The viral pandemic launched a plethora of secondary pandemics. Several are obvious, like the anger pandemic we’ve all felt and perhaps experienced. Others are more subtle. As a leader, you have experienced your fair share of subtle, secondary leadership problem pandemics. Which is the worst? It’s difficult to say with certainty, but as I scan the horizon of leadership today, the effect on decision-making may be the most devastating resultant pandemic.
Are You Waiting for Others to Solve Your Leadership Problem?
1. A decision-making pandemic:
Early in the pandemic, it felt as if I made 20 decisions a day with full knowledge that 19 would require reconsideration within 24 hours. Nothing was stable. Nothing was certain. Not to mention a complete lack of historical information to pull from in the decision process.
I bet your experience was similar. It felt virtually impossible to lead the organization forward without any present clarity or past history.
After all, that is how we typically make decisions. We consider our present circumstances and then look for similar past experiences. Evaluating past mistakes and successes informs current choices. But, when there is no present clarity or historical data, it positions leaders in a terribly difficult position. Welcome to leadership today.
The on-slot of problems without clear solutions took a mental and emotional toll on every leader. That damage doesn’t resolve easily or quickly. Overall, the world is somewhat better now, but this specific leadership pandemic still exists. Why?
2. Building to our current leadership pandemic
Leaders spent so many days, weeks, and months second-guessing and being second-guessed that a version of analysis paralysis set in. And it set in deeply.
As the pandemic raged on, rather than make decisions, leaders began choosing to pause a little bit longer. We waited for any amount of clarity to surface. And — this is important — we started looking around to see what other leaders were doing. Leaders decided to start going second.
In the early days of the pandemic, when we were uncertain how to lead forward, we waited for someone else to go first. It was a panic and protective move. And it carried consequences beyond that moment.
3. An example: Deciding when to reopen our North Point campus locations
I watched this first hand. Until recently, I served at North Point Ministries as a campus lead pastor. When the pandemic began, we took two weeks off. We quickly realized the pandemic was more severe and decided to close until further notice. Publicly that was our stance (and we took a lot of heat for it), but internally we began looking at potential reopening dates. May? June? Late summer?
As a group, we decided August 2020 would be our target. We began communicating this date as our hopeful reopening. As the summer started and the virus continued to spread, Andy Stanley called a meeting to consider our reopening options. I participated in the discussion, leaving with an agreement to remain closed for all of 2020. If you’re in the church world, you’ll remember this going public.
It didn’t take long for news to spread. CNN interviewed Andy. The decision was all over the news and social media. It was primarily newsworthy because so many other leaders were waiting for people like Andy to go first.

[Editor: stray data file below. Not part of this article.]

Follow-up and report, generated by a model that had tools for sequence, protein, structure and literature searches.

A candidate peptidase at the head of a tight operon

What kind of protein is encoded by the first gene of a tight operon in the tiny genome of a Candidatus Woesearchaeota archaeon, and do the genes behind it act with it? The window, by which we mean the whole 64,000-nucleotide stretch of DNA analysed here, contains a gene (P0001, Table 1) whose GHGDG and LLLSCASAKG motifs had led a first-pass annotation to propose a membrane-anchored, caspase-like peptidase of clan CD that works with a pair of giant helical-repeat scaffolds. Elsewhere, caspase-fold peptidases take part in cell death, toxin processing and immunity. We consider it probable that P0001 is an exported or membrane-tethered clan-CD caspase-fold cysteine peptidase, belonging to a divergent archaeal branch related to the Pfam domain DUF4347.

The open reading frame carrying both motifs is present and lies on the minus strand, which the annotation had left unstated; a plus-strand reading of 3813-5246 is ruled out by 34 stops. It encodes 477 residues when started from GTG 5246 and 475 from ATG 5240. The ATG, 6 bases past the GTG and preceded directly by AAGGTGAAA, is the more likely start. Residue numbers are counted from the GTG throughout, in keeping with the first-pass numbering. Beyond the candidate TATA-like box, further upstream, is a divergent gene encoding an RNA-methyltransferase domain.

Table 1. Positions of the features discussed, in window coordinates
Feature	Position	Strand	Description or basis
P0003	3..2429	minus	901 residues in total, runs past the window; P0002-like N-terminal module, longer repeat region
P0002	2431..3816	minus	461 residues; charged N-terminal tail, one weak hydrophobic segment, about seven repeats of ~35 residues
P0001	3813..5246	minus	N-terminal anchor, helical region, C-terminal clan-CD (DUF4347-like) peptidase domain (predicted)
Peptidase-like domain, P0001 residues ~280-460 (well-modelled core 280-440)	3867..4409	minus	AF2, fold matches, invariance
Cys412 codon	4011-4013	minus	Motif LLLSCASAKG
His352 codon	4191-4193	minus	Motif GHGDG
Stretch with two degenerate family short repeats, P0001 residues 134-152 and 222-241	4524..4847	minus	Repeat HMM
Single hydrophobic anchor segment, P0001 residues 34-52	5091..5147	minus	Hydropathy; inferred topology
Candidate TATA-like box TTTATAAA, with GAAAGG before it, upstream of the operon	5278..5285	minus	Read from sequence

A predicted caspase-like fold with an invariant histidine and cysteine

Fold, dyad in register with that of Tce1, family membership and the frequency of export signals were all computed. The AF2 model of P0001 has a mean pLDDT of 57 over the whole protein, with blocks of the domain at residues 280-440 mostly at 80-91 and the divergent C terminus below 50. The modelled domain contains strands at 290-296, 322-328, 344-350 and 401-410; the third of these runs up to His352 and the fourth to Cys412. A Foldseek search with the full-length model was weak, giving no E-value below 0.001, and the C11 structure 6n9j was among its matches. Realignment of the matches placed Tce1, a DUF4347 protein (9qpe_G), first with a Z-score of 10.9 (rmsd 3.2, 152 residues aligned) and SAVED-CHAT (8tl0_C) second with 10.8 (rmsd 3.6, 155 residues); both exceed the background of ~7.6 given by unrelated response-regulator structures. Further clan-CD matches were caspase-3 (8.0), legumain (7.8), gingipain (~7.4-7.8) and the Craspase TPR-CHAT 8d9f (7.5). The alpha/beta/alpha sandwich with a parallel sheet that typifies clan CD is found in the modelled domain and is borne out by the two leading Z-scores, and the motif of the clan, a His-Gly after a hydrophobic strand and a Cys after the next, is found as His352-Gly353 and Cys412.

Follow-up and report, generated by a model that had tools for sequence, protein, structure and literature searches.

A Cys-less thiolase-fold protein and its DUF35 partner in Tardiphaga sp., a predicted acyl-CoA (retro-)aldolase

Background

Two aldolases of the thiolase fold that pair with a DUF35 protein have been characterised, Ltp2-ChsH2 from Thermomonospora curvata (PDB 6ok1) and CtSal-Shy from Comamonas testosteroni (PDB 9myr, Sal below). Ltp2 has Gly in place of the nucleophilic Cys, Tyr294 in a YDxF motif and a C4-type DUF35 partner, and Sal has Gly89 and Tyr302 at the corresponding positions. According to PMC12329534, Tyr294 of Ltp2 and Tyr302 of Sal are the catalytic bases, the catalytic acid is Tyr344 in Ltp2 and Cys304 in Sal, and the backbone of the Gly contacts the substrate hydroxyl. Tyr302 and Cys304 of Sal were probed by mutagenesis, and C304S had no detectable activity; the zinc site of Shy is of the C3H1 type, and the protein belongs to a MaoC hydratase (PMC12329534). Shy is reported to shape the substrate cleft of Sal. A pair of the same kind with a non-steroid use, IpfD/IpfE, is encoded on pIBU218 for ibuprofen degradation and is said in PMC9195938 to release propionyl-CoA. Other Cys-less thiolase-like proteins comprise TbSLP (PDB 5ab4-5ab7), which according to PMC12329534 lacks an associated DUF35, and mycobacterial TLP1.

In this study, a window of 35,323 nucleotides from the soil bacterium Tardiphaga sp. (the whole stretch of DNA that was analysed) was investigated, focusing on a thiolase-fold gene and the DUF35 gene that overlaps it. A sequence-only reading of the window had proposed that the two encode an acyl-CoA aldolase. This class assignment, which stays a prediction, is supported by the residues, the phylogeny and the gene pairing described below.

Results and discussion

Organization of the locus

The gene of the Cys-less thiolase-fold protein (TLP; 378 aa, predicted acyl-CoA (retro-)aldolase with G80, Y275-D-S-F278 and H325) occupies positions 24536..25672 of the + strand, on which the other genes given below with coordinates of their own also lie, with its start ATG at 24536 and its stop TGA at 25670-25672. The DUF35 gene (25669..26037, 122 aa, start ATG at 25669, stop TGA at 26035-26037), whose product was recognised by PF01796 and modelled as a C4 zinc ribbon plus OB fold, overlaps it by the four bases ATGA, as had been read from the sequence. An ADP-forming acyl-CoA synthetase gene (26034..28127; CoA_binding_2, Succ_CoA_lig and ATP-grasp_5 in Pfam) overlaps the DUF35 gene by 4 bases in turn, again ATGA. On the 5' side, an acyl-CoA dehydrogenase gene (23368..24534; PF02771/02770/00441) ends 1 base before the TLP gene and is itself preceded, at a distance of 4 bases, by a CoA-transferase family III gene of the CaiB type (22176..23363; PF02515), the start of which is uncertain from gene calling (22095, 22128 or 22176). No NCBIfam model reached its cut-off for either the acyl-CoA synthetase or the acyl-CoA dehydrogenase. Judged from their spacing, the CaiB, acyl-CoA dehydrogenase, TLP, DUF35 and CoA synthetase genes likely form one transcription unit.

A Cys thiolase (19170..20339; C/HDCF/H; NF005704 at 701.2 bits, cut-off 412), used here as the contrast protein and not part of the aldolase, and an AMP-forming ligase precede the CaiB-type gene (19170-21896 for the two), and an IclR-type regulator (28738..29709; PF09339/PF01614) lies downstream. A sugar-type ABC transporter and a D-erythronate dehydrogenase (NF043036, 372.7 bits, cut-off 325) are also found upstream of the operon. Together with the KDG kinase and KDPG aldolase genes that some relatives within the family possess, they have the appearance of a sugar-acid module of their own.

I get it. Andy and North Point make a lot of great decisions. But if copying the decisions of another leader becomes our primary method of decision-making, we’ve abdicated our leadership and positioned our organization for eventual failure.
4. Waiting for other leaders to make our decisions
Now, 18 months into the pandemic, too many leaders have allowed abdication of decision-making to become habitual.
More than ever before, I am watching leaders stare down the barrel of a problem, but rather than solving it, they are waiting on some other leader in some other organization to make the first move. They’ve developed a habit of abdication.
This isn’t an entirely new phenomenon. We have for a long time lived with leadership infatuation. We worship celebrity leaders by mimicking their decisions and implementations. At times that is smart. Most famous leaders have large organizations full of great leaders who collectively help make good decisions.
But no leader understands how to solve your leadership problem because no leader is as close to your organization, industry, and community as you. You are the one perfectly positioned to lead because you are the leader.
I’m certainly not suggesting we ignore other leaders. That’s arrogant. I am proposing that a dependence on the decisions of other leaders is unhealthy leadership. It’s actually not even leadership.
Rather than waiting on some other leader who doesn’t know your specific situation or problem to offer a solution for you to mimic, ask yourself these problem-defining questions and start making some decisions:
- What would a great leader do?
- If a new leader took over tomorrow, what would they do?
- What will happen if we allow this problem to remain unresolved?
- Why am I afraid to make a decision, really?
- Do I need another leader to create permission for me to make a decision?
Too many leaders are waiting for another leader in another organization to solve their leadership problem. That’s not leadership. If you are a leader, it’s time to lead. It’s time to decide. It’s time to solve problems and create pathways forward.
You probably won’t get every decision correct. That’s part of leadership. The one thing I can guarantee is not making a decision is the wrong decision.
This article about the leadership problem pandemic originally appeared here, and is used by permission.